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Document number: 4824
Date: 15 May 1843
Recipient: FEILDING Elisabeth Theresa, née Fox Strangways
Author: TALBOT William Henry Fox
Collection: British Library, London, Manuscripts - Fox Talbot Collection
Collection number historic: LA43-57
Last updated: 15th February 2012

May 15 – 1843

My Dear Mother

I wrote to you from Calais, and as soon as my letter was in the post I set off. You know that the stage from Calais to Haut Buisson is not exciting, but the weather was so fine that I viewed it with complacency – About Pont de Brique some very pretty shrubberies, and fertile verdant scenery, The château seemed altered, the entrance gates closed, as if no one went in and out. Samer as usual produced a crowd of beggars, this town is so triste that I wonder it has any inhabitants. I slept at Montreuil.

Next day, Saturday, the wind was very high & it was very cold travelling – I dined at Abbeville, and then turned off the beaten Paris road, in quest of novel scenery, I passed thro’ Blangy, where the churchyard is an orchard, full of appletrees. – At the next stage, the postillion was very unwilling to drive us, because he was going to an evening party: but the maître de poste <1> insisted; so after abusing the English, and enquiring why they could not stay in their own country? and despatching an old man with a message – that he would be back in an hour & a half he mounted and drove like mad – On arriving at his destination he said to me – C’est le chemin de fer, çà! Yes! says I, vite comme le chemin de fer – à peu près. Comment à peu près, says he, in a tone much disappointed – mais c’est tout à fait! <2>

Being not quite satisfied with his pay, he said the maître de poste ought to charge us a third horse, and Nicole <3> replied Avec une calèche legère et deux voyageurs, le maître de poste ne peut pas <4> – Our postillon [sic] was extremely piqué <5> at this, and exclaimed, Ne dites pas que le maître de poste ne peut pas; dites – qu’il peut, mais qu’il ne veut pas! <6>The Hostess then invited him to come in & take a drop of something comfortable, to which he replied, Non Madame, ma femme m’attend! – Rien de plus juste, Monsieur! <7> said she.

I slept at Neufchâtel, a very bad inn, where many postroads meet, & I therefore expected a good one. Next morning, Sunday, “great excitement prevailed” in the Town, to use a newspaper phrase, on account of a criminal trial going on against some Country folks for locking a parson into his church. Nicole overheard a conversation between some of the accusées <8> and their friends. Notre avocat dit, qu’il faut que nous paraissions toutes imbécilles … puis il dit, qu’il faut que chacune de nous dise, qu’elle n’a fait que suivre les autres! <9>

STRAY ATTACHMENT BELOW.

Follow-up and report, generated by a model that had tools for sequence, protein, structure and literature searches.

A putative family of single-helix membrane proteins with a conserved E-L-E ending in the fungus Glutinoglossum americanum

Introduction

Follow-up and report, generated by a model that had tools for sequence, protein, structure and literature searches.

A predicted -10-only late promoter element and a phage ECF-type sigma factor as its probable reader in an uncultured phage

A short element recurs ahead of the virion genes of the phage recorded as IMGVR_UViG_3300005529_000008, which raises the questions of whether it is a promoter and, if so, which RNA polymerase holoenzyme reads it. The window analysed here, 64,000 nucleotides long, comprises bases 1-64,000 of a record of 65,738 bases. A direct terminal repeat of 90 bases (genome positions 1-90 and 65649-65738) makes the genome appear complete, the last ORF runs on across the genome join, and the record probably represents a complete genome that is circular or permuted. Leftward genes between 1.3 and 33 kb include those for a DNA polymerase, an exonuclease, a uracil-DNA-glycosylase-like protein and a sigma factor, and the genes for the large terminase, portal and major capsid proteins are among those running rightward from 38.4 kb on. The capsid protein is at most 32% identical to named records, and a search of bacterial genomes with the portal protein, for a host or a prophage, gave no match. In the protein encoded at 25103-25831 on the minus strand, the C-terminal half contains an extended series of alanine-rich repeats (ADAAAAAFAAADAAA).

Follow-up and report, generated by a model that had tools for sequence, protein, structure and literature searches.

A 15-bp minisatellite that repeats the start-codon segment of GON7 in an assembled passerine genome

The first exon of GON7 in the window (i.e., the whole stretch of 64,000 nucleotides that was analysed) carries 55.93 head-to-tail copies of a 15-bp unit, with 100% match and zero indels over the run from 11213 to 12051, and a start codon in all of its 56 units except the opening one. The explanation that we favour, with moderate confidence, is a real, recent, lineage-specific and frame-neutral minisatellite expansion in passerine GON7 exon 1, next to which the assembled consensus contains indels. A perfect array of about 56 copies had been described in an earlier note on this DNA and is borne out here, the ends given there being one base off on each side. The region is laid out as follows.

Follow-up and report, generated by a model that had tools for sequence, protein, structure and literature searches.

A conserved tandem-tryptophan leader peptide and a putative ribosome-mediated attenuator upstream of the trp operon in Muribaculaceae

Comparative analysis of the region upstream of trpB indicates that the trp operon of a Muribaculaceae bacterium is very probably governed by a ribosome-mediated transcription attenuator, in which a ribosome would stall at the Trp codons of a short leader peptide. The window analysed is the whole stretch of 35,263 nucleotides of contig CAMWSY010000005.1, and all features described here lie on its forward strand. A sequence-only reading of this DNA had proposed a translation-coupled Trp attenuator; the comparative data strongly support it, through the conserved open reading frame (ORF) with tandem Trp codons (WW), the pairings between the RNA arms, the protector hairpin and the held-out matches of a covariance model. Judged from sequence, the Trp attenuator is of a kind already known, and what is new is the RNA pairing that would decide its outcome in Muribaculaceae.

We set off in the morning, & had not gone far ere we met another carriage, tenanted by a grumpy Frenchman – The postillions of course wanted to change horses, which he stoutly refused, simply assigning as his reason, Je ne veux pas! <10> So we proceeded, but this rencontre so mortified our postboy that he muttered to himself Je ne veux pas! in various tones, all the rest of his journey. The first view of Rouen is very fine, from the top of a hill rather higher than Bowden Hill <11> and not more than a mile from the city – I drove to the Hotel l’Angleterre on the quai. A new suspension bridge crosses the river before my windows. Great bustle and commercial activity manifest everywhere. From early dawn to dewy eve incessant rumbling of carts & wagons- Ships constantly loading, unloading, and moving away - at one moment the quai strewed with large barrels – an hour afterwards not one of them left. Weather grown extremely stormy and rainy – nothing to be done in Calotype until it clears up – I think of stopping 2 or 3 days here. This Hotel is pretty comfortable, but he charges are such as only princes can pay.

Your affte


1. Post master.

2. It’s the railway! Yes! says I, somewhat like the railway. What do you mean, somewhat … it’s exactly the same!

3. Nicolaas Henneman (1813–1898), Dutch, active in England; WHFT’s valet, then assistant; photographer.

4. With a light barouche and two passengers, the postmaster can’t do that.

5. Vexed.

6. Don’t say that the post master can’t do that; say that he can, but he doesn’t want to.

7. No, Madam, my wife’s waiting for me! Couldn’t be fairer, Sir!

8. Accused women.

9. Our lawyer says that we’ve got to appear complete imbeciles … then he says that each of us should say that all she did was to follow the others!

10. I don’t want to.

11. Bowden Hill, Wiltshire, 1 mi SE of Lacock.